When a tour bus carrying Polish death-metallers Decapitated crashed back in October 2007, killing drummer Witold “Vitek” Kieltyka, it indefinitely halted the steady ascent of a band that was on its way toward a creative breakthrough, if not greatness. Over the course of four increasingly progressive albums, Decapitated grew from a quartet of precocious Vader acolytes to a band capable of connecting tired tech-metal reference points with a fresh sense of groove.
The crux of Human’s Dust is a 2002 live set from Krakow, shot on tour with Vader and Krisiun eight months after the release of Decapitated’s second album, Nihility. The recording is clear and the footage balanced between stage and crowd, revealing a band far beyond its years in terms of musicianship (Vitek was only 18 at the time) and a headbangophilic audience that recognized it.
At this point Decapitated relied on laser precision and skimped on stage presence — in between growling sessions, vocalist Sauron just sorta stands there practicing his death-metal persona, doing his best to look pissed. Even so, the jump-cut crazy video editing goes way overboard in trying to inject excitement to a live show that lacked it. There’s no excuse for cutting away during Vogg’s guitar solo on “Way to Salvation.”
The members of Decapitated seem less tentative during three bonus songs, recorded at the Katowice stop of Ozzfest in 2002, and even less so throughout a segment recorded in 2004 at the Katowice Metalmania festival. Here, for the first time on Human’s Dust, Decapitated’s live show assumes the same visceral power of its studio albums. In a pre-show interview included on the DVD, bassist Martin explains that Decapitated wrote their 2004 album, The Negation, with the concert experience in mind. And he’s spot on — the new tracks have an extra heft, especially with the addition of a second live guitarist. Fan-favorite “Spheres of Madness” gets a meaty facelift that wasn’t present on its incarnations from the two earlier concerts, and Vogg now has the room to solo creatively without having to hold down rhythm. Sauron has gained confidence even as he’s shorn his hair — dude dominates the monitors and prowls the stage, even cracks a smile here and there.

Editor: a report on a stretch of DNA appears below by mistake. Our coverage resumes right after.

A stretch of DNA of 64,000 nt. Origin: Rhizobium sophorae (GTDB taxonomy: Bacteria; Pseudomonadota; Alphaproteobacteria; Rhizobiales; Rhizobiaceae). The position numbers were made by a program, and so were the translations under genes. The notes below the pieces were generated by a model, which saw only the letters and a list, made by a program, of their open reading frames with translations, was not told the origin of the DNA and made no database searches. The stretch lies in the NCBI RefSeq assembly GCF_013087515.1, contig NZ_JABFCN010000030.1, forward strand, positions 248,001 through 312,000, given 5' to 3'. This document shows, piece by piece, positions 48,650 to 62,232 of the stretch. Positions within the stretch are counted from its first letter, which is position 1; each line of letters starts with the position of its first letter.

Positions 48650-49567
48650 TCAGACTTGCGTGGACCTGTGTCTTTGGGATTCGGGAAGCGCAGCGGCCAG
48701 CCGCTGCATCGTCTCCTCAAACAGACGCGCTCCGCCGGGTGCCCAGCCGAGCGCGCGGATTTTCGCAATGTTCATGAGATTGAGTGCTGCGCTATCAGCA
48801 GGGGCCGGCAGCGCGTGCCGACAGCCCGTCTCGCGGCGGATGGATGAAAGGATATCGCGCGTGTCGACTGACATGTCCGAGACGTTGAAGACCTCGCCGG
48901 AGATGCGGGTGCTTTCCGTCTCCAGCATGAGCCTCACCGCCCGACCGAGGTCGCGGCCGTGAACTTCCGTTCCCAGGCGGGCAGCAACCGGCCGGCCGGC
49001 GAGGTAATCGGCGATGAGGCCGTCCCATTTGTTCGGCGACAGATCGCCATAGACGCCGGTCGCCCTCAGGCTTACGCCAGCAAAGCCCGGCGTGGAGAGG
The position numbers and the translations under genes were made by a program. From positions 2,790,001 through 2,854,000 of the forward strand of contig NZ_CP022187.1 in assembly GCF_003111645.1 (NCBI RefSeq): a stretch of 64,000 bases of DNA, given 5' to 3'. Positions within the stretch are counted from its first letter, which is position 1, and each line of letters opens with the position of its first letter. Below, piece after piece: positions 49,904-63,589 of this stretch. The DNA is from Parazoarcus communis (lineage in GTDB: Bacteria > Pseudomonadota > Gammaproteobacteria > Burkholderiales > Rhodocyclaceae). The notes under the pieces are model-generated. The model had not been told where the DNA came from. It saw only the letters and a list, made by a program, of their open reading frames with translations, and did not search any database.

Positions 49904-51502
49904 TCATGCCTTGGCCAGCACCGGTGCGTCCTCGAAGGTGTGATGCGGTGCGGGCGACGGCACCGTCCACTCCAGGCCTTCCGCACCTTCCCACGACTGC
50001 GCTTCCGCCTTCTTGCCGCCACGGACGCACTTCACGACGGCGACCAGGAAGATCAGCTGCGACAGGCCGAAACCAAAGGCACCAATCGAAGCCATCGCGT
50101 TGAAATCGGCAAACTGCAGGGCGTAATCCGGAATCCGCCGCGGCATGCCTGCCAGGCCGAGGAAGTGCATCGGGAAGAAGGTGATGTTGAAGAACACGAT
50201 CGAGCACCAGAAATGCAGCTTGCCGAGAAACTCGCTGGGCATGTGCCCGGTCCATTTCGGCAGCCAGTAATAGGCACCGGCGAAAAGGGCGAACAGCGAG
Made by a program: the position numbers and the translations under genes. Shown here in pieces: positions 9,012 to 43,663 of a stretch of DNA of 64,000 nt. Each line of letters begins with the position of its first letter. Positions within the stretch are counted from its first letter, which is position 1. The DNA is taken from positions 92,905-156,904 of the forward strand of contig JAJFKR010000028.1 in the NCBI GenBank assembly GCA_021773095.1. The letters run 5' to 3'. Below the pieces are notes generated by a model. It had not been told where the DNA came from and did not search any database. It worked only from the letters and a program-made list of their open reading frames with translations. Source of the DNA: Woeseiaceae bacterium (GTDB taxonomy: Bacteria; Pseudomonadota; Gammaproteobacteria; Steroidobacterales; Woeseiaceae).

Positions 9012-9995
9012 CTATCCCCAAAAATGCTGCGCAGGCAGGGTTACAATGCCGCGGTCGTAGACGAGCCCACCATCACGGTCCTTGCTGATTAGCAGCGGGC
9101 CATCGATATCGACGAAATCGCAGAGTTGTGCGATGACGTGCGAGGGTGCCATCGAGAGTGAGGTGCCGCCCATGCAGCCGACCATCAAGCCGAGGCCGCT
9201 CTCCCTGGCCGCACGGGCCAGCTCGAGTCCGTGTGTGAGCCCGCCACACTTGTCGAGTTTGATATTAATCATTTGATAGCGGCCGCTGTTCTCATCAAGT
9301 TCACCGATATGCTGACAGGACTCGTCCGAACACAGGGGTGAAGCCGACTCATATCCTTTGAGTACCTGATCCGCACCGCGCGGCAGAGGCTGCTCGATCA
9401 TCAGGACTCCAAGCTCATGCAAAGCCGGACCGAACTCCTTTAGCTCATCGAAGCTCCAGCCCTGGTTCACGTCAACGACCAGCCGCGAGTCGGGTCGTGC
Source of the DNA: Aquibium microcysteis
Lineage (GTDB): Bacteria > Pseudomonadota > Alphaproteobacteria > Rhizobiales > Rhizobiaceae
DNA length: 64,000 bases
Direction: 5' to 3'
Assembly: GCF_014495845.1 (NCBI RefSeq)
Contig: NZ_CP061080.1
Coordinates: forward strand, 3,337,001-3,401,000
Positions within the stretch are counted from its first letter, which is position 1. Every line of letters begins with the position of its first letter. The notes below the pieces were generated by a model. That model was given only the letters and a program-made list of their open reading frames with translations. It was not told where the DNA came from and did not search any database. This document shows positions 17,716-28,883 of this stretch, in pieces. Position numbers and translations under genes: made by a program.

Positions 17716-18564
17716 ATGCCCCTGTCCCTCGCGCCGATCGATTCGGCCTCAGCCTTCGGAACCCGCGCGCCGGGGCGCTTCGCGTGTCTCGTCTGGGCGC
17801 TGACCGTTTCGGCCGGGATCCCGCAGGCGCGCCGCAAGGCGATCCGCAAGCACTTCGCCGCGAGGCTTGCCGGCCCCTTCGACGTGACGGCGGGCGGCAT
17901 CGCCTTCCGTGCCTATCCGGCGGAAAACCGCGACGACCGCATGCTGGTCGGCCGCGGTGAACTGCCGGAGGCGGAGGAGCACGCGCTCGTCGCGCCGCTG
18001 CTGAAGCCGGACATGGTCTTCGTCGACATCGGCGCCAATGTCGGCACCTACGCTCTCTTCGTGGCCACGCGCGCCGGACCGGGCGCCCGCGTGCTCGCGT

In another interview recorded just after the 2002 Ozzfest performance, Metal Hammer’s Darek Switala asks Sauron what Decapitated’s fans could wish for them. His reply: “Just wish us not too many obstacles on our way so that we can keep on playing.” It’s an ominous answer given the misfortune that was to befall Decapitated five years later. Human’s Dust shows the band on an upward swing, and they just kept getting better and better since the period it covers. It’s a solid document of why Decapitated drew attention in the first place, and it encourages hope that Decapitated can put Vitek’s death behind them and fulfill their immense potential.
Production Company: http://www.metalmind.com.pl